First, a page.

Artist's Statements

Publication Year



Greek goddesses, Aphrodite, spiritual development, human development, psychology


Comparative Methodologies and Theories | Personality and Social Contexts | Psychology | Religion


In her commentary on the goddess Aphrodite, Dr. Ginette Paris writes that an "ancient Greek whose destiny was going badly would ask which divinity he or she had offended. [...] If we understand the Gods and Goddesses as personifications of psychological qualities, then to offend a divinity is to mistreat a part of our personality and our psychological troubles are the divinities' punishment." In other words, the Greek gods and goddesses can be viewed as symbolic or mythological representations of primordial patterns in the human psyche. If viewed from this archetypal perspective, these deities can serve as guides to humans' psycho-spiritual development because an understanding of them can help us understand our own inner life. For this project, Goddess Images, I studied Aphrodite, Artemis Persephone, and Hera from a depth psychological and spiritual perspective, examined how they manifested in my own psyche. I created four images which synthesized my investigation of each deity. My research consisted of several stages. First, I read and compiled a research log on texts about the four goddesses by scholars of mythology and depth psychology. I also studied and practiced active imagination (a Jungian technique which engages the imagination and grants us access to its soulful contents) as explained by psychologist Robert Johnson. To ground my artwork in a larger religious context, I viewed and drew inspiration form Orthodox Christian icons, the Book of Kells, Greek sculpture, and Tibetan thangkas (paintings portraying a deity upon which a practitioner can meditate).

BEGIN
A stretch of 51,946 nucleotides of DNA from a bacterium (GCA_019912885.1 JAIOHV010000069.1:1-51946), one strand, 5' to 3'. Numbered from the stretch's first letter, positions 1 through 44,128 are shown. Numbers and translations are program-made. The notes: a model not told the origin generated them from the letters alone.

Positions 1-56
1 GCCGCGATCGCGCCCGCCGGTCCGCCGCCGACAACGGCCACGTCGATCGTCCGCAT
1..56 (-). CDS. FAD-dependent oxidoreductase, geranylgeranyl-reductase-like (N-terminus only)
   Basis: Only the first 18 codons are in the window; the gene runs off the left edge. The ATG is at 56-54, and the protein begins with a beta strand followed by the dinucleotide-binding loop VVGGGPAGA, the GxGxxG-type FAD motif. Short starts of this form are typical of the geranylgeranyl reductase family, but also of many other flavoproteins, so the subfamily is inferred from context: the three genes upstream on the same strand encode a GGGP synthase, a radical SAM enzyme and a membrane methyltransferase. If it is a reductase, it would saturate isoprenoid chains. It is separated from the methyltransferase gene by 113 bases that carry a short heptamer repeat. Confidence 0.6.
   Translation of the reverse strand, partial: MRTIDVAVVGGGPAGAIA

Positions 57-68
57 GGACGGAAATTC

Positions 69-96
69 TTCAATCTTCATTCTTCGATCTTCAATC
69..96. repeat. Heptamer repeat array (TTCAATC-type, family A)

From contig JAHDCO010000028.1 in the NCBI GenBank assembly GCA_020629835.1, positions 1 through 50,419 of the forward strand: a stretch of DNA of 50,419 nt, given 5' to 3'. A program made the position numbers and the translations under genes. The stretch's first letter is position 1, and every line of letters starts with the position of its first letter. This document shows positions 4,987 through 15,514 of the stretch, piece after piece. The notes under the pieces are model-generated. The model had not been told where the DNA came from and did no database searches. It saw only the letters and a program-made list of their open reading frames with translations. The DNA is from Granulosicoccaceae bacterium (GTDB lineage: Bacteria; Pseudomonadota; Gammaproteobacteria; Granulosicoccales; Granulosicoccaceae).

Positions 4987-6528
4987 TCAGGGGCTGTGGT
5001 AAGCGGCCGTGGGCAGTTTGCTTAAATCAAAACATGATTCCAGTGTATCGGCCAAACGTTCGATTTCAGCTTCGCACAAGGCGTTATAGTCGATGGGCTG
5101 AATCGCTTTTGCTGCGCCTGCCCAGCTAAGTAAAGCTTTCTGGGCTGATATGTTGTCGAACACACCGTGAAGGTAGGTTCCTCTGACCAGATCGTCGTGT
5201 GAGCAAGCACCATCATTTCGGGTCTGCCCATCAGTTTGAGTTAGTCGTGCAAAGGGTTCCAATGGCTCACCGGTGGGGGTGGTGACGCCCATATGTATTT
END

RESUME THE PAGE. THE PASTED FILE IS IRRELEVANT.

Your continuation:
Department 1 Awarding Honors Status

Religious Studies

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